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Unformatted text preview: System Documentation Data Flow Diagrams Lecture 3 Agenda
What is a data flow diagram? What symbols are used in a data flow diagram? What are the types of data flow diagrams? What might data flow diagrams look like for the cash receipts process Documenting Systems: Data Flow Diagram (DFD)
A graphical representation of a system Depicts a system's components, data flows among components, and the sources, destinations, and storage of data Data Flow Diagram Symbols
Lecture Today Textboo k Types of DFD
Context DFD Physical DFD Logical DFD (Described in textbook) Example-Cash receipts process
A sales clerk scans customers' purchases into the register and collects the customers' payments. The computer uses the scanned data to update inventory records and sales data. Cash receipts and a register tape summarizing the sales data sent to the cashier. The cashier compares the cash and register tape with sales summary information generated by the computer. The cashier prepares a bank deposit slip, and the deposit is taken to the bank. Context DFD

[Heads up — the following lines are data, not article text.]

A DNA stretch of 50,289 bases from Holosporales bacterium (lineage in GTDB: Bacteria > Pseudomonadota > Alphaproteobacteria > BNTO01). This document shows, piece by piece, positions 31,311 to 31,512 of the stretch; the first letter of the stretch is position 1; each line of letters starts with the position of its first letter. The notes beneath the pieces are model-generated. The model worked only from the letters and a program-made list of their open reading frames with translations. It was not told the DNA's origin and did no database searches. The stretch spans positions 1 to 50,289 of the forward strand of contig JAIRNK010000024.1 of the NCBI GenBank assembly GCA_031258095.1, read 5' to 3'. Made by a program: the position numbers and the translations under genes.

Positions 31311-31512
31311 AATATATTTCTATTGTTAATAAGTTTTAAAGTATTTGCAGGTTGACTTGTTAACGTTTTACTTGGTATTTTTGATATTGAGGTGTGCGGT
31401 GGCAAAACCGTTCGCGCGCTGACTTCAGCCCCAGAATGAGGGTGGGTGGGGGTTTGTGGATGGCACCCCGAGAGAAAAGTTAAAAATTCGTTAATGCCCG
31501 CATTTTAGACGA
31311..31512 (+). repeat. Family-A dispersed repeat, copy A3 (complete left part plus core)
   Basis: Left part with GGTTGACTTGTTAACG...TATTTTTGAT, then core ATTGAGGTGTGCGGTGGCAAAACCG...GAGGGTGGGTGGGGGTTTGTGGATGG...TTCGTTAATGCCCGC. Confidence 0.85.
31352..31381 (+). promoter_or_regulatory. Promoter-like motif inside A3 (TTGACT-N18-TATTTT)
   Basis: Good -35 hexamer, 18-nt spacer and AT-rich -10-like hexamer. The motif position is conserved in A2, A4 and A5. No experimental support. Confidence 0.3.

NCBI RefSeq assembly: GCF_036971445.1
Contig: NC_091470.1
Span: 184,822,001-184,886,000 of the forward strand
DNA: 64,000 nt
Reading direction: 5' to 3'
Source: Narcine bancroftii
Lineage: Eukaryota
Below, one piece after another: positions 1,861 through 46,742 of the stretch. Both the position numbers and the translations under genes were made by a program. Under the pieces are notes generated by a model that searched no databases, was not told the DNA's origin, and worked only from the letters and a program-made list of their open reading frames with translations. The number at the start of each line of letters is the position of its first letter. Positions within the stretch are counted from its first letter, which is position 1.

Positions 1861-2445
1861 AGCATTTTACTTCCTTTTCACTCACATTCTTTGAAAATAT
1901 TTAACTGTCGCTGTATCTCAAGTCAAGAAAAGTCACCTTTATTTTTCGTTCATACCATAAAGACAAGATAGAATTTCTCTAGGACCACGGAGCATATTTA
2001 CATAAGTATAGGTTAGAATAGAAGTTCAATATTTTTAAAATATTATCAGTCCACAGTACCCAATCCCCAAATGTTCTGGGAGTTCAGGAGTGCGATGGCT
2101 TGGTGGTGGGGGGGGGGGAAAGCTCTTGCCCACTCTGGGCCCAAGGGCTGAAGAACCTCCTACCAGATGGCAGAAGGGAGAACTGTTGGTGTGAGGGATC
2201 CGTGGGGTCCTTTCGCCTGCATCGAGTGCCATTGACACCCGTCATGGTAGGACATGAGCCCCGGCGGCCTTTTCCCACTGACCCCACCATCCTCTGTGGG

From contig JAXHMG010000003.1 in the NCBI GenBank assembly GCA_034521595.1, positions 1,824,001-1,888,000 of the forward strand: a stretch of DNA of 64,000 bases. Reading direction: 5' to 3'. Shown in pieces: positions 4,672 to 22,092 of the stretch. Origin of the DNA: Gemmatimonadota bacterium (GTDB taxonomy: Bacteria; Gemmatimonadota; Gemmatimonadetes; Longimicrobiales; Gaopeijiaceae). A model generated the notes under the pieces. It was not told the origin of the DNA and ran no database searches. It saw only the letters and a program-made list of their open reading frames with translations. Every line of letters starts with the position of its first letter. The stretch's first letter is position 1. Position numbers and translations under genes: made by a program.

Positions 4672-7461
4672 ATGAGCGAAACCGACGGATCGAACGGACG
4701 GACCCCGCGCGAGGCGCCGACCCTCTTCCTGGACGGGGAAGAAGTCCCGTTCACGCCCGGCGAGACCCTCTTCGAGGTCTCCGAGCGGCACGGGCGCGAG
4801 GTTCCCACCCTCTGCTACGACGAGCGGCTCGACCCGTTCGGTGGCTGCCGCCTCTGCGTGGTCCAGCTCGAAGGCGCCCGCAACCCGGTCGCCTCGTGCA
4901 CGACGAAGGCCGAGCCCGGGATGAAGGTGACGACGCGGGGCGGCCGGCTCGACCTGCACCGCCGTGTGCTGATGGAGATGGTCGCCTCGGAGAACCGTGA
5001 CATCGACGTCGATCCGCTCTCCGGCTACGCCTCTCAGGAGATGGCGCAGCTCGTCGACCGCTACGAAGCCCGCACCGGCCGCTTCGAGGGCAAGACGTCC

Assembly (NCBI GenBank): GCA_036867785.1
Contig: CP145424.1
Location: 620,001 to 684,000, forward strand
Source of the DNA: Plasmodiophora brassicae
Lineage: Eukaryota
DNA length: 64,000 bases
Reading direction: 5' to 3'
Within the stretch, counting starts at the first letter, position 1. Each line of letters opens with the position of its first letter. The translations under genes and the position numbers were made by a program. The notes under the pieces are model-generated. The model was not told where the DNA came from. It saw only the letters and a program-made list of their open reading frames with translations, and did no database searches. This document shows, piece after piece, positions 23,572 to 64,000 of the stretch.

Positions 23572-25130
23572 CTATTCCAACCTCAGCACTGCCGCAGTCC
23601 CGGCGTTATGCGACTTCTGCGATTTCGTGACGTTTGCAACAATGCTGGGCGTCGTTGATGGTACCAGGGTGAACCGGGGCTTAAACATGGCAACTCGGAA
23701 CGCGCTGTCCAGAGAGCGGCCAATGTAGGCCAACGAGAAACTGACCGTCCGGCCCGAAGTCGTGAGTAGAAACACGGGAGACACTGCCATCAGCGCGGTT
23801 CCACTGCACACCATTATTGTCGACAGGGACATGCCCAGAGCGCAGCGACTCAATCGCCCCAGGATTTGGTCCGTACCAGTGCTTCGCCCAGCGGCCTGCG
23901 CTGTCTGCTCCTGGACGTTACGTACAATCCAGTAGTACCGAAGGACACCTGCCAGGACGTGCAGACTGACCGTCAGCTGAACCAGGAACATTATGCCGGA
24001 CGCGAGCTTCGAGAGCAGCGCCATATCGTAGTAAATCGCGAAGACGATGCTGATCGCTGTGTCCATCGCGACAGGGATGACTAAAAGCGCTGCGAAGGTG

Top-level DFD Least detailed Scope of system Shows process, sources and destinations of data and information Context DFD Physical DFD
Shows internal and external entities Shows flow of data in and out of these entities Shows where, how, and by whom but not exactly what is being accomplished (circles contain nouns) Physical DFD Logical DFD
Shows processes, data flow into and out of processes, and data stores Shows what is being done but not how, where, or by whom (circles contain verbs) Logical DFD--Level Zero Logical DFD
Each process on the level-zero DFD may be decomposed into more detailed processes Example: Decompose or subdivide 1.0, 2.0, 3.0, and 4.0 Balance must be maintained between levels Level-One DFD (Decompose process 4.0) Level-Two DFD, etc.
Decompose one of the processes in the level-one DFD Additional levels decompose one process in previous level Some Basic DFD Rules
A process must have inputs and outputs. Data must be moved by a process. Each data store must be involved with at least one process. Each data flow label should be unique because a process changes the data in some way. Comparing Flowcharts and DFDs ...
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This note was uploaded on 01/31/2012 for the course ACC 361 taught by Professor Eighme during the Fall '10 term at Miami University.
- Fall '10